Cybersex and its ramifications

By  |  0 Comments

By Matt Barnett

As a former high school teacher, it is clear to this writer, that one issue that we all face in our time, is the proliferation of pornography and its new effortless accessibility. But what are the ramifications surrounding this ‘issue’? Is it even an issue at all? In short, is pornography a negative or a positive thing?

The advent of the internet has undoubtedly had an impact on modern day culture; we are clearly living in the digital information age. In stating the obvious, the internet has created the phenomenon whereby we don’t have to visit the library to attain information any more. Most referencing is done, now days, quoting online sources. (Do doctor’s surgeries even still stock ‘National Geographic’ magazine? In fact, this writer was in a doctor’s surgery just yesterday and didn’t recall seeing even a trace of a magazine during the waiting period but remained in stasis checking an I phone with everyone else.)

Today, we are arguably spoilt for information. We can search for anything, and in less than one second, find the answer. We receive the answer in the form of web sites almost instantaneously. But what are the ramifications of this? Were we designed to live in such a fast paced, high-powered world? Can we cope with all of this information and still live healthy lives? Is there such a thing as a healthy life, and what does that look like?

Whole teams of professions and professionals have dedicated their lives, devoting themselves entirely to answering this question, and a typical life will have multiple and diverse ‘input’ from multiple sources. General Practitioners, Psychiatrists, Psychologists, Nutritionists, Homeopaths, Naturopaths, Personal Trainers, Coaches, Life Coaches, Philosophers and Ministers all have strong opinions on what constitutes the answer to this question, and these opinions may, in some cases, differ vastly, and may not concur at all.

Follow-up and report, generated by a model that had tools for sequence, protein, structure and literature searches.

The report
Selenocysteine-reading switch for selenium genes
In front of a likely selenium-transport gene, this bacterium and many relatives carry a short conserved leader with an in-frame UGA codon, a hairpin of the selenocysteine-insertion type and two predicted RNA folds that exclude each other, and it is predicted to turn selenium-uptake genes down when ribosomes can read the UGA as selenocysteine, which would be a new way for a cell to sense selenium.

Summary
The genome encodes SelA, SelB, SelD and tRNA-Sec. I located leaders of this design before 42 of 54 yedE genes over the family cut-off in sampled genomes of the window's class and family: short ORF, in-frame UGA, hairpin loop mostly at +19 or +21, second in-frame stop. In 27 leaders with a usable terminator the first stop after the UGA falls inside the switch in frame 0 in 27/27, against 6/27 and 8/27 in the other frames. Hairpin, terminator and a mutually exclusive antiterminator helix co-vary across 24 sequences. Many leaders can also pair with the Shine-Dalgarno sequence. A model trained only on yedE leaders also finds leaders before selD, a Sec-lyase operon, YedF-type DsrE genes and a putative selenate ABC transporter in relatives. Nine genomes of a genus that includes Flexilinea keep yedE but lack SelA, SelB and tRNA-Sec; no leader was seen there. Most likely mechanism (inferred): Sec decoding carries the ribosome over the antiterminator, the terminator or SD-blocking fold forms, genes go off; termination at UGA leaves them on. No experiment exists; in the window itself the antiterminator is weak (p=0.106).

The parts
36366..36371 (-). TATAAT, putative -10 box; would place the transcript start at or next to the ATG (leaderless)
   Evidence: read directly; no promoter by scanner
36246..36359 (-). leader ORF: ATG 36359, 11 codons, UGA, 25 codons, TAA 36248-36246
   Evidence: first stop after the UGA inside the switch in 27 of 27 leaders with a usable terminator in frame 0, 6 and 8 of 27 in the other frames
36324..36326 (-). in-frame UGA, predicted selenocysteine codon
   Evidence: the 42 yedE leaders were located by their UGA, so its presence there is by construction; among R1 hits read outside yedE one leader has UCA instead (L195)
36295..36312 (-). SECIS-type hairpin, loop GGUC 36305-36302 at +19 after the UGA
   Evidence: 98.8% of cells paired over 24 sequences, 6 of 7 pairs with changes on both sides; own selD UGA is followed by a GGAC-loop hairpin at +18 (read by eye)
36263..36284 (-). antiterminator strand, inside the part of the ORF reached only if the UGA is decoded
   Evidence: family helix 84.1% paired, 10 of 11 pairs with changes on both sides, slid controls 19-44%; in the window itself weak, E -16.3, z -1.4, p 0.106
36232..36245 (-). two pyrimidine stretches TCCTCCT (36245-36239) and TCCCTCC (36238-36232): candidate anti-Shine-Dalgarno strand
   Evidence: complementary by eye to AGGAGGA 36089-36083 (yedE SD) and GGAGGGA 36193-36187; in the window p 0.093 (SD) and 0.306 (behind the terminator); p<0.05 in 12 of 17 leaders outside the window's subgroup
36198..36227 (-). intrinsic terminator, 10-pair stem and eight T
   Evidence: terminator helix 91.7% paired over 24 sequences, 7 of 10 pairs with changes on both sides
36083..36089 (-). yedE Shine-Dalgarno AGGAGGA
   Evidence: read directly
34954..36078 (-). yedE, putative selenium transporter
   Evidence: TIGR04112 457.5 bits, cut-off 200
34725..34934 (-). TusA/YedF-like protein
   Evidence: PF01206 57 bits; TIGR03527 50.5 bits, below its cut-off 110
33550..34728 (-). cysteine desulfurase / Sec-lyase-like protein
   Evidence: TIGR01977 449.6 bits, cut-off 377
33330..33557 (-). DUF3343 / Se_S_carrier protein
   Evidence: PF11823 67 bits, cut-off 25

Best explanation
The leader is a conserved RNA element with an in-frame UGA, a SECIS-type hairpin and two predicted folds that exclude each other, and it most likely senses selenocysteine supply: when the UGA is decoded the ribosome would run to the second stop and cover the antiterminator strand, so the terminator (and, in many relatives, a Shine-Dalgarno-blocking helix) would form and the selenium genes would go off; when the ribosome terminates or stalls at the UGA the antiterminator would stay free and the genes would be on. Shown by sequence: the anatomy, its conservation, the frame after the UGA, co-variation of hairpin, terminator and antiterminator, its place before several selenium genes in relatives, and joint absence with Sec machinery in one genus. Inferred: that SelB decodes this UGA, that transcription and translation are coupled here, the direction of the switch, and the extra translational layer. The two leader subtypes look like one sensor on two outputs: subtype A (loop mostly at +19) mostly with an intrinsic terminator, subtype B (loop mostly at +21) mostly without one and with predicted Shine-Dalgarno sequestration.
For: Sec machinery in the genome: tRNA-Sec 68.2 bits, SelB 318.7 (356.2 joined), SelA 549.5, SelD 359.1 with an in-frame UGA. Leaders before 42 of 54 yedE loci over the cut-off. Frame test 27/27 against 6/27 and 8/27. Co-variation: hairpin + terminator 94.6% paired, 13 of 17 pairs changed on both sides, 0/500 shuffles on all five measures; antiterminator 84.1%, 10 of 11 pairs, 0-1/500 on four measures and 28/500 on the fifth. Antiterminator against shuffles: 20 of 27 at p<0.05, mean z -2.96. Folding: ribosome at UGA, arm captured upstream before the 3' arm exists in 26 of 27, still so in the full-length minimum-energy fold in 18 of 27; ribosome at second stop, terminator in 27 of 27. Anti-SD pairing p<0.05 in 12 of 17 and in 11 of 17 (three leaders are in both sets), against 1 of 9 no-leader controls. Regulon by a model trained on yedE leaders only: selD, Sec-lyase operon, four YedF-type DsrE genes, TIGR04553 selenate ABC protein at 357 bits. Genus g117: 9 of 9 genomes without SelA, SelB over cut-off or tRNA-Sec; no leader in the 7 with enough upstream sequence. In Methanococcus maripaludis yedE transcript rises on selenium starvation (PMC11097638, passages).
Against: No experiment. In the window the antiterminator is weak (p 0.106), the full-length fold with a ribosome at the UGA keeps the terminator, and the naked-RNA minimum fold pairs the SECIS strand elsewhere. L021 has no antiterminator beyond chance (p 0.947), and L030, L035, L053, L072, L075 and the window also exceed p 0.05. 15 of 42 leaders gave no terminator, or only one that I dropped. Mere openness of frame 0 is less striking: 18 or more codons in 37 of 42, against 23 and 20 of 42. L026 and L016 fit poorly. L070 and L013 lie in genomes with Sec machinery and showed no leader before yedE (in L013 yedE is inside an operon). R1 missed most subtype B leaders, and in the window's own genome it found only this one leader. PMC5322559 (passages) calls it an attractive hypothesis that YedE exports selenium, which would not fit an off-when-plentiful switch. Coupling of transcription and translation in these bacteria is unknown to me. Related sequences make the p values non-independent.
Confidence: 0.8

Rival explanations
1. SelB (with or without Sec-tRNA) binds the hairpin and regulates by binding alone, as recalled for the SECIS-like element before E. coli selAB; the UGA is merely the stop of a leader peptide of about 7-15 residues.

The result is that it is arguable that we now live in a time where the consumer is free to pick and choose which ‘information’ he or she chooses to use, or in fact discard; after all, we must remember that the answers that these professionals provide are, in fact, opinions, nothing more and nothing less.

One issue though, that they might not agree on, is where they stand when it comes to pornography, and in particular, internet pornography. As stated earlier, as a former teacher, one of the biggest battles faced, was seizing the kids attention, and in particular, away from social media, and even more perilous material. But again, is internet pornography perilous?

Perhaps a good place to start is to take an evidence based approach. A quick google search produces a plethora of material on the subject.

A particularly pertinent site states that pornography creates an emotional bond with an artificial world, and that all people have a critical need for human intimacy and emotional connection with others, and that when someone views pornography, they end up creating an intimate bond with an artificial, fake world and can actually lose the ability to bond with real people.

It states that pornography is sex without intimacy, and is about sex being used for the wrong reasons, and is sex without emotional closeness, and that the underlying hunger remains unsatisfied, and that the viewer starts wondering what is wrong with their relationships and gets irritated or depressed, and that people end up feeling emotionally empty and disconnected from those around them.